Barry’s presence, at least, along with that of D.C. Mayor-elect Vincent Gray (D), helped advance one of Baker’s narratives: that Prince George’s must benefit more from its proximity to the Nation’s Capital, and that Baker is the man who can make it happen.

Throughout the painfully long ceremony, Baker’s high-wattage smile never diminished, and his own speech enthusiastically hit most of the points Prince George’s politicians are required to make. Where Baker’s diverged from others was on the simple but essential question of ethics.

He promised to provide “an open, efficient and transparent government.” He said he wasn’t going to just strive to make Prince George’s first in education, first in public safety, and first in economic opportunity, but “yes, first in integrity” (with this, Jack Johnson’s mouth appeared to twitch a little). He said his administration would not advance projects based on who the developers know, but whether they make sense for the community.

In a brief conversation with reporters after he was sworn in, Baker said he would create a task force later this week to explore the possibility of creating an Inspector General’s office in the county government. He said he would make statistics readily available for citizens to easily assess his administration’s progress.

Asked if he worried that the FBI investigations of the Johnsons and other county officials would cast a pall over his administration, Baker replied, “You’d like them to move quickly. But they’re going to do their job and I’m going to do my job. It’s not going to keep us from going forward.”

Baker’s first official act Monday was to sack the county police chief and fire chief, and name interim directors for about half a dozen county agencies. Anyone thinking they are witnessing déjà vu all over again are correct: many of these officials have close ties to the administration of former County Executive Wayne Curry (D), who is serving as chairman of Baker’s transition team.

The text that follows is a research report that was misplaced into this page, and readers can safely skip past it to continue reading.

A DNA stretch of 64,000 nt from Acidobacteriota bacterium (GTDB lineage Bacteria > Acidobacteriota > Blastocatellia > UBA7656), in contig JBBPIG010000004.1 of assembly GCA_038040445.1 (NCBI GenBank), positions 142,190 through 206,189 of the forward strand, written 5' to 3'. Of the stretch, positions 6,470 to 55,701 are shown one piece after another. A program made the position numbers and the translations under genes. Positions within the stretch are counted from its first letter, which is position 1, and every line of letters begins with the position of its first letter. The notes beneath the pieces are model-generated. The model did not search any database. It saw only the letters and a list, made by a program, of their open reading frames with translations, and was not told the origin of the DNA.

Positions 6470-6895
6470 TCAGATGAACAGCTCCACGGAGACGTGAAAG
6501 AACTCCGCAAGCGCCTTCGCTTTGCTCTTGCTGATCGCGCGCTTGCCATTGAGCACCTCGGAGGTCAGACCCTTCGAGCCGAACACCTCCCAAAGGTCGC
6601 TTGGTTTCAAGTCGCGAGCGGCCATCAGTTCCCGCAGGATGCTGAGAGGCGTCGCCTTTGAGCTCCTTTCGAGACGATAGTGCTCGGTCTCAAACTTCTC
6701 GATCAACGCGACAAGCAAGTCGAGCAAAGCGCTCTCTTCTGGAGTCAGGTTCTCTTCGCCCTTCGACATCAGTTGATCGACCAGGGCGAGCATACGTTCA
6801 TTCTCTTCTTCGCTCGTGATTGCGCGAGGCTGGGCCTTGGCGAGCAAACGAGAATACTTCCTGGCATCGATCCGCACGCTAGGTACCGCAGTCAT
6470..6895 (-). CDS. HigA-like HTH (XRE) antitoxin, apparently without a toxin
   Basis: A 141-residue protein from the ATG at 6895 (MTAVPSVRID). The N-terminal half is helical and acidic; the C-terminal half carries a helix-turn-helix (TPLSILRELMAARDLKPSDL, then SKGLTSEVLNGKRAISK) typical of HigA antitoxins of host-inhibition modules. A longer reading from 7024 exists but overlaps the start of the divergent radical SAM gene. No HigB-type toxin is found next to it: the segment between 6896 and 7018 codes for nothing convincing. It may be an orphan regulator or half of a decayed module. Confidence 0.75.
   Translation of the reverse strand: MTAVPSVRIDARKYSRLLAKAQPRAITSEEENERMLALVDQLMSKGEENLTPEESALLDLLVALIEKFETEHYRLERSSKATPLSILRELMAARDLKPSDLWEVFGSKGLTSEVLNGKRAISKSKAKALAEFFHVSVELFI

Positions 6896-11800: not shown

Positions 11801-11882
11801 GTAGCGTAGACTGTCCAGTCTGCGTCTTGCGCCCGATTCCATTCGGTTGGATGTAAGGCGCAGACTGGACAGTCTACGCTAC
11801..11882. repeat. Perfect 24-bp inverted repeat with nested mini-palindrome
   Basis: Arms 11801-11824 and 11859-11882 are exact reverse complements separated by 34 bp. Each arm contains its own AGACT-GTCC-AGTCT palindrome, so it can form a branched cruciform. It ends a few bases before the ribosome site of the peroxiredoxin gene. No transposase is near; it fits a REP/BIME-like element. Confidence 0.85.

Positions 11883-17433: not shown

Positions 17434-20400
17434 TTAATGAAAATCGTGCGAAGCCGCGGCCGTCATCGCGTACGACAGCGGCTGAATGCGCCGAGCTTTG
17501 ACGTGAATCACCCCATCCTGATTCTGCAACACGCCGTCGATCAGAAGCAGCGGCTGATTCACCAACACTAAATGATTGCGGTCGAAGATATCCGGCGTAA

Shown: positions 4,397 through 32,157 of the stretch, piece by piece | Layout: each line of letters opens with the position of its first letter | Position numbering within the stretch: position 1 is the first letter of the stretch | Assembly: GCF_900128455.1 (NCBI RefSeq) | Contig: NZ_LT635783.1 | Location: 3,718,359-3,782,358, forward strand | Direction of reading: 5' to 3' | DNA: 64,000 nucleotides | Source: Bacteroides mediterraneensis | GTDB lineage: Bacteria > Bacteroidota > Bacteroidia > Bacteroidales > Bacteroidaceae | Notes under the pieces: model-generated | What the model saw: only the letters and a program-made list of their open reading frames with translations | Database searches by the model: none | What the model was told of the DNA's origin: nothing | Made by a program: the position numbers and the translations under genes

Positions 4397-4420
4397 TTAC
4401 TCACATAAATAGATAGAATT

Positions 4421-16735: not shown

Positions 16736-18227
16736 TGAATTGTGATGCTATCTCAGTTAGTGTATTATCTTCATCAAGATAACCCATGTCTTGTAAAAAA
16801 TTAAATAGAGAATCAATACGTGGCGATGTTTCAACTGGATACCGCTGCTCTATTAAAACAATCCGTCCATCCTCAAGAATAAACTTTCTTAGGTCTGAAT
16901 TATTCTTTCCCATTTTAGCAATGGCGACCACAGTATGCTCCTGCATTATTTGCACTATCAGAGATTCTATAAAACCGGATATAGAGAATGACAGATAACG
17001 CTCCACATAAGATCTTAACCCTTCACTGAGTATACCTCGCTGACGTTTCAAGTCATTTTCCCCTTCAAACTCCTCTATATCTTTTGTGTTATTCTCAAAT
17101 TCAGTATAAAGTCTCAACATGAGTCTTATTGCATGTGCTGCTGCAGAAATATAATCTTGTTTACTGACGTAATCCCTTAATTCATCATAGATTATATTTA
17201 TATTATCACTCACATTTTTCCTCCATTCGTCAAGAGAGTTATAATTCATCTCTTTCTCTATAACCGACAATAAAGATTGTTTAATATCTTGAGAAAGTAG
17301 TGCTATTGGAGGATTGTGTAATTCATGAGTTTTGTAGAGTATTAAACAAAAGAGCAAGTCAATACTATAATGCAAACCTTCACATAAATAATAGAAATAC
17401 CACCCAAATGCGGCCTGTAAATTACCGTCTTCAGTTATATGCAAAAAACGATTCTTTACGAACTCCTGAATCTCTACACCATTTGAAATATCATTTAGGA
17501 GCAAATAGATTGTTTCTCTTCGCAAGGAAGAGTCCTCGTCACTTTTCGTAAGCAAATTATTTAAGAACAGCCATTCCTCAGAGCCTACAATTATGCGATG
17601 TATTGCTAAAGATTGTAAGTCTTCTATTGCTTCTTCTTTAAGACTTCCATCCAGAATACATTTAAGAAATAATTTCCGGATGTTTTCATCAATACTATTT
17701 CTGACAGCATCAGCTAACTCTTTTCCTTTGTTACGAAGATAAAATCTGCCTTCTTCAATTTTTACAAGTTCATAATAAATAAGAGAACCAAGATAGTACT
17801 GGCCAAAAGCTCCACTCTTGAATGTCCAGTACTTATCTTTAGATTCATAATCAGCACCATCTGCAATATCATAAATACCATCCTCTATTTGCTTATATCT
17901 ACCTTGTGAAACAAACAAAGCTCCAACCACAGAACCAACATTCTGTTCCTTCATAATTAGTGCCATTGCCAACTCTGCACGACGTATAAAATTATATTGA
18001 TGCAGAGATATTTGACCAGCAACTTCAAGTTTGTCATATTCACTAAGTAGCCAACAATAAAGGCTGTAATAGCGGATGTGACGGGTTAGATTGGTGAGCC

In fact, it is the Curry Restoration that is one of the untold stories of the early Baker era. Not that Curry left office in disgrace: he is a gifted politician who, as the county’s first African-American executive, will always be a trailblazer and an important figure. In office, Curry displayed a talent for enriching a whole class of African-American business people while keeping most of the county’s white power brokers and business leaders happy.

Prince George’s reputation for pay-to-play government didn’t start with Jack Johnson: there was a whiff of it connected to Curry, and to his predecessor, Parris Glendening, all the way back to the days when the vaunted O’Malley machine ran the county. Their transgressions, real and imagined, seem like Pablum now compared to what Johnson and his cohorts are accused of.

Baker’s rhetoric is very promising indeed, and so is his Boy Scout’s bearing and persona. But painful as it is to use this cliché, his actions will speak louder than words.